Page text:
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Brown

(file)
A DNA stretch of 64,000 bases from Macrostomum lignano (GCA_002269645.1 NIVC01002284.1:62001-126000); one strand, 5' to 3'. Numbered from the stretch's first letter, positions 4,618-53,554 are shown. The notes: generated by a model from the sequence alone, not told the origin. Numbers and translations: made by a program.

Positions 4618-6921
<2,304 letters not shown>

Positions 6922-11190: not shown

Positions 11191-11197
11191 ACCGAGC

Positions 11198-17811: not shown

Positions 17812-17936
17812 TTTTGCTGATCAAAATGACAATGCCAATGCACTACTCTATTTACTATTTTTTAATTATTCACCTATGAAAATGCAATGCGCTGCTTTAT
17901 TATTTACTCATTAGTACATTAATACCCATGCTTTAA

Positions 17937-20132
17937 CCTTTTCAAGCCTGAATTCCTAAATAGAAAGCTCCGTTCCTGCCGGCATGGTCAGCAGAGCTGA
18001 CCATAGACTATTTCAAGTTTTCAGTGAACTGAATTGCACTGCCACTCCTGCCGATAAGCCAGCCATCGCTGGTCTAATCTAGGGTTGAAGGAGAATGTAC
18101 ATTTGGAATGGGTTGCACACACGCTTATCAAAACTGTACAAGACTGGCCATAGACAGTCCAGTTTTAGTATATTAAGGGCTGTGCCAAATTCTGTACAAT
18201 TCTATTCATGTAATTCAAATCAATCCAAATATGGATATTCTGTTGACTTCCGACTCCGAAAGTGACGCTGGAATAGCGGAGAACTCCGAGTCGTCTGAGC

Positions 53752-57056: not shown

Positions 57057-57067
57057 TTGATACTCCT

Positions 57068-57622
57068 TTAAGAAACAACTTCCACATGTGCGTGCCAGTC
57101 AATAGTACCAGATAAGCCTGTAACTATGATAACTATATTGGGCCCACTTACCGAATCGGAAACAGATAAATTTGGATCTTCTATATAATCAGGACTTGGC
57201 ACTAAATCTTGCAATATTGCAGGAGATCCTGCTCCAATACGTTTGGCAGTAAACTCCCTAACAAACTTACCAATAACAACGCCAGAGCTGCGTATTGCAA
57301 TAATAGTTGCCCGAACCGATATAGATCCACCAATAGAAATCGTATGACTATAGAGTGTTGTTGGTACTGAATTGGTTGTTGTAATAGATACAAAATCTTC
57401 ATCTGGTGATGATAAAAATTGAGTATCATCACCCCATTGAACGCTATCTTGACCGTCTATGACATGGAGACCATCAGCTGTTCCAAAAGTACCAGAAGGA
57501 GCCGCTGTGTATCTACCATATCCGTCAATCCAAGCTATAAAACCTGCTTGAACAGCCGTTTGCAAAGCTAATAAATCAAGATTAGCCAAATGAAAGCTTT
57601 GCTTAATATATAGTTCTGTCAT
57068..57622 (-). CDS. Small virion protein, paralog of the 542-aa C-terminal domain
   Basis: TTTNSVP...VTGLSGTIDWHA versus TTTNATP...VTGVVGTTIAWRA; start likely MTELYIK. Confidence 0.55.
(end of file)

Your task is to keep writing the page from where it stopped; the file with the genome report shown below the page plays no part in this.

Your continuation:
Brown (hue / variety / modifier): Abbreviated (BR). A perceived colour hue resembling chestnuts, chocolate, or freshly dug up soil. The word brown is derived from the old Anglo-Saxon word brun, meaning “burned.” Historical colour records indicate that brown was used as early as the year 1000 A.O. to identify colours that were low saturation (i .e., dull tones of yellow, orange, and red). Brown is a modified spectral colour, produced by a combination of warm colours such as red and yellow mixed with gray. Different gradations of brown are achieved by blending white or black to produce light through dark browns. In the diamond industry, the name brown is used broadly to denote a wide range of colour hues and tones. The lightness for brown diamonds is quite variable and includes a range from very light (smoke) brown to light (champagne) brown, medium (cocoa) brown and dark (coffee) brown through very dark (seal) brown. Saturation in brown diamonds is also variable such as bright (golden) brown and deep (cognac) brown. Popular names for different mixtures of brown are acorn, ale, auburn , autumn, beige, brandy, brick, bronze, brownie, buff, butterscotch, cafe-au-lait, caramel, cedar, champagne, chestnut, chocolate, cinnamon , clove, cocoa, coffee, cognac, copper, cork, dirty, drab, dusty, flesh , garnet, golden, hazel, honey, khaki, leather, mahogany, manila, maple, maroon, muddy, oak, oil, raisin, russet, rust, sand, seal, sepia, sherry, sienna, smoke, sugar, tan, tobacco, topaz, walnut, and zircon. In the diamond trade, brown represents one of the basic twelve colour varieties. Brown diamonds can also contain secondary modifiers such as blackish brown (bk-BR), greenish brown (g-BR), grayish brown (gy-BR) , olivish brown (ol -BR), orangish brown (o-BR}, pinkish brown (pk-BR}, purplish brown (pp-BR}, reddish brown (r-BR) and yellowish brown (y-BR). Brown can also occur as a secondary colour modifier in other colour varieties such as brownish yellow (br-Y), brown-orange (BRO}, etc. When measured with a colorimeter, brown diamonds occupy a large range of three-dimensional colour space, extending from light (Lt) to very very dark (WDk) lightness, and weak (Wk) to moderate-strong (Md-St) saturation. As lightness and saturation increase (bright in tone), the perception of secondary colour modifiers (such as yellowish and orangish} increases proportionately. By comparison, brown diamonds with medium to dark lightness and low saturation (dull in tone) are usually pure brown (BR) with very little if any secondary colour modifiers present